What is a flexible bronchoscopy:
Bronchoscopy refers to an endoscopic technique using an instrument (bronchoscope) with an external diameter of 0.6 cm to visualize the airway. Flexible bronchoscopy is usually performed via the oral, nasal route or artificial airway such as endobronchial tube. Once the bronchoscope reaches the trachea and then bronchial branches, the physician is able to collect respiratory cells, tissue or secretion for diagnostic or therapeutic purposes. Endobronchial ultrasound (EBUS) is technique that uses ultrasound along with bronchoscope to visualize airway wall and structures adjacent to it, including lymph nodes and mediastinal lesions.
 
Indications:
Indications for bronchoscopy can be divided into two categories:
  1. Diagnosis: identification of lesions in the trachea, diagnosis and staging of lung cancer, or identification of organisms for pneumonia. 
  2. Treatment: removal of foreign bodies, clearance of airway secretion, performing whole lung bronchial alveolar lavage, insertion of airway stents, endobronchial ablation of tumor (electrocautery, laser, cryotherapy or hotodynamic therapy).
 
Contraindications:
Including abnormal coagulation function, bleeding diathesis, hypoxia that cannot corrected by oxygen supplementation, hemodynamic instabilities, such as arrhythmia, heart failure, myocardial infarction, or any angina pectoris within six weeks. In addition, complete trachea obstruction, uncontrolled pulmonary tuberculosis, uremia, uncontrolled pulmonary hypertension, and uncooperative patients are also contraindications.
 
Preparing for a bronchoscopy:
  1. Before Examination:
    1. Your doctor will review your medical histories, evaluate physical conditions, order blood routine tests and chest radiograph. The doctor will make sure your coagulation function is normal. The physician will explain to the patient and family the purpose, procedure, and precautions before, during, and after the bronchoscopy. If there are no further questions, then the patient or family member need to sign the consent form.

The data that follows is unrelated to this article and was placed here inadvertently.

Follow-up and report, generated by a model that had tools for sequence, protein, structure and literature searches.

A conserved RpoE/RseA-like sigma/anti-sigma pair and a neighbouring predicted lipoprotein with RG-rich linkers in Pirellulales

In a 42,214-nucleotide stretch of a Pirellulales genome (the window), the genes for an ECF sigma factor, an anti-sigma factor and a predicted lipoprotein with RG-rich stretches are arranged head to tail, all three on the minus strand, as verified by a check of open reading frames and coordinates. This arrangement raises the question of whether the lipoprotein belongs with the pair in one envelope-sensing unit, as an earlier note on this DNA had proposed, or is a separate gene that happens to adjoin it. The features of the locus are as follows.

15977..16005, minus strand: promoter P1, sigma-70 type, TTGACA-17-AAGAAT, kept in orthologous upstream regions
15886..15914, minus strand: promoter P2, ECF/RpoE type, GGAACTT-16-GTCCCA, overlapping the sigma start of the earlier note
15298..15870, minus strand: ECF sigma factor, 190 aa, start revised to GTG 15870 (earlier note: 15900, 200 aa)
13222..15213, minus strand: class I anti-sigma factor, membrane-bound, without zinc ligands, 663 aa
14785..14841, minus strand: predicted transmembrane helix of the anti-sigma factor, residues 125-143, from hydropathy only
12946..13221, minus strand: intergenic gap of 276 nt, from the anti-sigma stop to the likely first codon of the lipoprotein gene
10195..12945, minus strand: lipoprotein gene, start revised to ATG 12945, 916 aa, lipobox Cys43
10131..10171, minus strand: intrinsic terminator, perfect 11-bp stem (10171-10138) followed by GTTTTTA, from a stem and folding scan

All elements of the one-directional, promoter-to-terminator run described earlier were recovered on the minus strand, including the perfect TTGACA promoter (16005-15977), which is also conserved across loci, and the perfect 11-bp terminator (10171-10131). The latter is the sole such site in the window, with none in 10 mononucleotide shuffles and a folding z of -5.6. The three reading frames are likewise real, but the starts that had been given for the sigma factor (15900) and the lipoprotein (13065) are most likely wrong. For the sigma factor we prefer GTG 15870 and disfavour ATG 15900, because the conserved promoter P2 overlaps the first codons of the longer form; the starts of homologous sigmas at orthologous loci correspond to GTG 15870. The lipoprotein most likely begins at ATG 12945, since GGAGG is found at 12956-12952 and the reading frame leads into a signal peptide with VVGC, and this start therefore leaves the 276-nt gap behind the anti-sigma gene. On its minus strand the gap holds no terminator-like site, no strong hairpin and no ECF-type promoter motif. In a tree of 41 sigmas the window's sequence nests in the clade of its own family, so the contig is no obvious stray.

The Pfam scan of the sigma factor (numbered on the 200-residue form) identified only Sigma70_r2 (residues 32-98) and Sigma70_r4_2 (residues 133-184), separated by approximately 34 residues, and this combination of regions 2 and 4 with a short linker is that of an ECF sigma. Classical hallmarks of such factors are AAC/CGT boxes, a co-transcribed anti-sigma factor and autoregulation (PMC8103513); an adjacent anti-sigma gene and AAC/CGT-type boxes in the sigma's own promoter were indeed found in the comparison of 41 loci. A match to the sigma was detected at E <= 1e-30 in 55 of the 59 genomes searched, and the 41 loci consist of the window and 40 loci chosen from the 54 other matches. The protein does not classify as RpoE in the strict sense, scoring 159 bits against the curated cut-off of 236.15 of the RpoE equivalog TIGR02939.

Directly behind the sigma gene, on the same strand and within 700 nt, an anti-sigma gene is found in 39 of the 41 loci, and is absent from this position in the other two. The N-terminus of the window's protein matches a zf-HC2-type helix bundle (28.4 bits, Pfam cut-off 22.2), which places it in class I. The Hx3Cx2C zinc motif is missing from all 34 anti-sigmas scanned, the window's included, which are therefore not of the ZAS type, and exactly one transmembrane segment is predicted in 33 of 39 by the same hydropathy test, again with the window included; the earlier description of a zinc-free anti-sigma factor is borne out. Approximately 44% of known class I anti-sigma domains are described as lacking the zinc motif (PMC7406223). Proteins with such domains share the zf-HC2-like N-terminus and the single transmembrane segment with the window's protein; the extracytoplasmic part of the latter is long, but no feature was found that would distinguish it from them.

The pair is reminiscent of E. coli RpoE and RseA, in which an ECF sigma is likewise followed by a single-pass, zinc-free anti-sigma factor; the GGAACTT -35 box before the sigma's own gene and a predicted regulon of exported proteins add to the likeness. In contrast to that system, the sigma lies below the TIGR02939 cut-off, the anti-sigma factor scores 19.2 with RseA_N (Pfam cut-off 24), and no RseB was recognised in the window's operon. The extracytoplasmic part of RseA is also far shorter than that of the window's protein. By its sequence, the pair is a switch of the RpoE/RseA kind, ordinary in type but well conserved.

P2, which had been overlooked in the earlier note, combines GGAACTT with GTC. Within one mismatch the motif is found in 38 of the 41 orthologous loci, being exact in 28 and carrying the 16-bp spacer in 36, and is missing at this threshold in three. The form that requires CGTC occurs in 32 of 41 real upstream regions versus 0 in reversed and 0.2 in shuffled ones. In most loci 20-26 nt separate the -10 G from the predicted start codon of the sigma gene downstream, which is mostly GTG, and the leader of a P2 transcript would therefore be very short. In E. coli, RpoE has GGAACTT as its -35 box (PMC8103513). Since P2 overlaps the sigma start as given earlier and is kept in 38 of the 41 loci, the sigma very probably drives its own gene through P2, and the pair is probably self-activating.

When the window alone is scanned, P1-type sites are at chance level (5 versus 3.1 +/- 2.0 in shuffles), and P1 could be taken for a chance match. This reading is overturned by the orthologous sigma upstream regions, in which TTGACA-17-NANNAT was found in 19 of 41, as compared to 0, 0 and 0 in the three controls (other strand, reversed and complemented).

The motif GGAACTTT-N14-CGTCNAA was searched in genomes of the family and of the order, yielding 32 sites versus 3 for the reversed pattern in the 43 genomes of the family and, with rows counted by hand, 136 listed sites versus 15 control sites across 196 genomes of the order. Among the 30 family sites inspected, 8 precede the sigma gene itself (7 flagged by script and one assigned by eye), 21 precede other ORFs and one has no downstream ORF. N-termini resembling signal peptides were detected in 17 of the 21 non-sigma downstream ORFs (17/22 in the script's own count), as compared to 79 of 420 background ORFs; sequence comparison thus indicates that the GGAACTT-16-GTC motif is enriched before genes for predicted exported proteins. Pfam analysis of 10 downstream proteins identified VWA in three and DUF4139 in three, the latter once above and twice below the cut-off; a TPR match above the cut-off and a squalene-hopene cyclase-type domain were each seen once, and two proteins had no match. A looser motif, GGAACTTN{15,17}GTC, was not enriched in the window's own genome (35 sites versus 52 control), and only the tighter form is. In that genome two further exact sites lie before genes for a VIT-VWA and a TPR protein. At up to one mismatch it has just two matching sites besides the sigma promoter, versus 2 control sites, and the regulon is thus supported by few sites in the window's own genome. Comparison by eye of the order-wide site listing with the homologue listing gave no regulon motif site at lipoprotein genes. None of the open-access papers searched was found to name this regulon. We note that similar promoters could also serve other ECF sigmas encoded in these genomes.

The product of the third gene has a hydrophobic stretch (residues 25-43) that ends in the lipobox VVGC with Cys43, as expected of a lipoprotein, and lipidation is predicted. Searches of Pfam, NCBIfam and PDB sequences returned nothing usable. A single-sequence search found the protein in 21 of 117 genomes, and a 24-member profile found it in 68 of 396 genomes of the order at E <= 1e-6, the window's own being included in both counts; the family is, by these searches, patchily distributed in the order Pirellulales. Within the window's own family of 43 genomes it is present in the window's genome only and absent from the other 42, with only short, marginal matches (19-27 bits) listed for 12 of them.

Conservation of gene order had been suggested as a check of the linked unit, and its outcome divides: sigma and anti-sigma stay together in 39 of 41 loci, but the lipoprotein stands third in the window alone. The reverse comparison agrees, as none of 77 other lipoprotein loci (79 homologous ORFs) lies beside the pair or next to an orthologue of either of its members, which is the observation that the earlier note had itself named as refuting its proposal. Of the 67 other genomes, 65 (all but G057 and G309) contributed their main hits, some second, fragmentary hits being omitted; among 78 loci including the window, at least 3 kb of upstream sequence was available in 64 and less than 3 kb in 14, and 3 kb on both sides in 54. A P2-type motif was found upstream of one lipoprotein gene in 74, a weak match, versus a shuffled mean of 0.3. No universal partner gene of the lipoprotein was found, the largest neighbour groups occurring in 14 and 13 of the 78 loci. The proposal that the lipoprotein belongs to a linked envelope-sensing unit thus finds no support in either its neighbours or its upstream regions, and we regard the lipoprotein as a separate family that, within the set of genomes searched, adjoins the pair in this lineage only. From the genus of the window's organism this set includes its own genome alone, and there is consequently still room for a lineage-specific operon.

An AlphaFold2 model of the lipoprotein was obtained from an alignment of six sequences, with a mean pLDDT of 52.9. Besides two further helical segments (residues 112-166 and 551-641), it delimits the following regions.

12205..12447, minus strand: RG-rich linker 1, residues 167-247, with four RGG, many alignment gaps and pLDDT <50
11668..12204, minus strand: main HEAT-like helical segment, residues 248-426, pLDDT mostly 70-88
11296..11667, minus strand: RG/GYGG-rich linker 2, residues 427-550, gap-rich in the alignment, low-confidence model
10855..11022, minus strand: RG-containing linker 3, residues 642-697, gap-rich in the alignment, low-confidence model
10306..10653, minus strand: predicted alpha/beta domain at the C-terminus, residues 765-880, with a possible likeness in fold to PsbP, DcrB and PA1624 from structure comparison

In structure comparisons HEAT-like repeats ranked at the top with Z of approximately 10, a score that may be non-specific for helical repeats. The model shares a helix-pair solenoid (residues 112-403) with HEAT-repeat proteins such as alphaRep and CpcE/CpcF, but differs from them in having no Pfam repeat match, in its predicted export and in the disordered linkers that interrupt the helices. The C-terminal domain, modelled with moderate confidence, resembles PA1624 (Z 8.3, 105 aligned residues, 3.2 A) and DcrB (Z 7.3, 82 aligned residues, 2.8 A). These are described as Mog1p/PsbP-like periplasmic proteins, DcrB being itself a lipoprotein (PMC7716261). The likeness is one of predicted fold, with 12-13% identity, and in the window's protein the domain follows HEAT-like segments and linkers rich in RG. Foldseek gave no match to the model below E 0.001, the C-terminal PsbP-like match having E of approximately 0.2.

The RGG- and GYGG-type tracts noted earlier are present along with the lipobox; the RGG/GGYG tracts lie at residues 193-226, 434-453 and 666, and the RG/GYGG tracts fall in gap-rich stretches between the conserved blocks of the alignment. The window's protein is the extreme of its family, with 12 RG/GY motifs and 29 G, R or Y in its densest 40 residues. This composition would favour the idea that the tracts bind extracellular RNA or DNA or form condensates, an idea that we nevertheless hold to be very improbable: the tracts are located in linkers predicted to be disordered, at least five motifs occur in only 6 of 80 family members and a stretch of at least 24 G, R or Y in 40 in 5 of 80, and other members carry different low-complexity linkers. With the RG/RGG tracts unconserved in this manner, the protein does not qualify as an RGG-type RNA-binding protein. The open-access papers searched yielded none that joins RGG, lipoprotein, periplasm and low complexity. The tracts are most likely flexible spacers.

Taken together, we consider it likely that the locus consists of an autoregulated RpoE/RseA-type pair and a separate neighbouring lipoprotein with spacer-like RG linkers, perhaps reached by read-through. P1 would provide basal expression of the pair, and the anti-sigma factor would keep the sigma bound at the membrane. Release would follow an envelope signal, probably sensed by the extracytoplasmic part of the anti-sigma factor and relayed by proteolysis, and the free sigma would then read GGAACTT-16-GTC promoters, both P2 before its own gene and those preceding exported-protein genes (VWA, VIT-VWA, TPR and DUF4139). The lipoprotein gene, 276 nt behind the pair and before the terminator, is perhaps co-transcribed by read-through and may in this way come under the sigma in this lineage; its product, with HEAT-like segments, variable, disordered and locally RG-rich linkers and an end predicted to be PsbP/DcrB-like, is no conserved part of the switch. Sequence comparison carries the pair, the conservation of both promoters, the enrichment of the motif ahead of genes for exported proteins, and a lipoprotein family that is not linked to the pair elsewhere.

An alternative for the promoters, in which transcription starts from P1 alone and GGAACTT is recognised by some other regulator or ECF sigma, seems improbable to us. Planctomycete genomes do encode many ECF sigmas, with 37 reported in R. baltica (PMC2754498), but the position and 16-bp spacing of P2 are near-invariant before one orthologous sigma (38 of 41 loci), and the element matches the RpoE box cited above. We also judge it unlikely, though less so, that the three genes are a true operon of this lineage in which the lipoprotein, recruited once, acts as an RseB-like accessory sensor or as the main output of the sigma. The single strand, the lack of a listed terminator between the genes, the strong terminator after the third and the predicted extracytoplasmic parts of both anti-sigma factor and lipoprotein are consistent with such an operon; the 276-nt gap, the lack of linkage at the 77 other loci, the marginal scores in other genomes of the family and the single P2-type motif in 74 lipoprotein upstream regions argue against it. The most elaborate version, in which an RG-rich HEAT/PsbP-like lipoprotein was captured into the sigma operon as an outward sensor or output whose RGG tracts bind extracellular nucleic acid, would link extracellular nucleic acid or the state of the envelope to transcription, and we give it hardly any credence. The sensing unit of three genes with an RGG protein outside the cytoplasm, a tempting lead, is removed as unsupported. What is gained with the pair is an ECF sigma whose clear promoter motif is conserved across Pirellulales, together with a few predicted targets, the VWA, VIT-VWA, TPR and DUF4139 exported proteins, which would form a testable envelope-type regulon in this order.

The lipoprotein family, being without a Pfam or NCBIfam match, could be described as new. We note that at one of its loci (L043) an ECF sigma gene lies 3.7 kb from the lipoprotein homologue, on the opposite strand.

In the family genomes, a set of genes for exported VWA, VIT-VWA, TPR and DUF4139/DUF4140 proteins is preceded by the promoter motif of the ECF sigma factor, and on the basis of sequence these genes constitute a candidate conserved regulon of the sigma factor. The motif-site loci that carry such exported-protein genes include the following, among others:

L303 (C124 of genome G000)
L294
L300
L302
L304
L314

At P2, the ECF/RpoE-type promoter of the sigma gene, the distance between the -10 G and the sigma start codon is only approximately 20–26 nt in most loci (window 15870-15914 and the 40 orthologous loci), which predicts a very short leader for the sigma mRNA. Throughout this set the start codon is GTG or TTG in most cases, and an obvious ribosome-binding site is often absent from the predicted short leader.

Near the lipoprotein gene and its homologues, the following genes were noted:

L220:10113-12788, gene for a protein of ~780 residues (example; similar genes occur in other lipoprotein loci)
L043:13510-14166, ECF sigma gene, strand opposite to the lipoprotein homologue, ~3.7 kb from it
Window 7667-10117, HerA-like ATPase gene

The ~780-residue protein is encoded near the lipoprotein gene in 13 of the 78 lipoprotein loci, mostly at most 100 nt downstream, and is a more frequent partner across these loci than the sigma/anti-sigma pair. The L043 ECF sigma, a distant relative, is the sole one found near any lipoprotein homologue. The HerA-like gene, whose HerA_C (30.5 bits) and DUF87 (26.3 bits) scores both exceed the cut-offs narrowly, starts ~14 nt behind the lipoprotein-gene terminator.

2. You can neither eat nor drink anything before the exam for at least four hours. If the exam is planned for the morning, the nurse may request the patient to abstain from food and liquids after midnight. If the exam is planned in the afternoon, please do not have anything after breakfast. The patient can take anti-hypertensive medication with a sip of water during this period of time. Follow the nurse’s directions to prevent aspiration pneumonia from happening. 
    3. Before the exam, the patient will need to remove any movable dentures and take off the glasses.
    4. Half an hour before the exam, either in the ward or in the bronchoscopy room, a local anesthesia spray is applied to your throat. Its purpose is to reduce the sensitivity of the airway and prevent gag reflex or cough reflex during the exam.
  2. During the examination:
    1. Position: Please follow the directions during the bronchoscopy. Lie on the examination table facing up. Please throwback your head so that your throat and trachea are in a straight line.
    2. Local anesthesia is applied in two ways: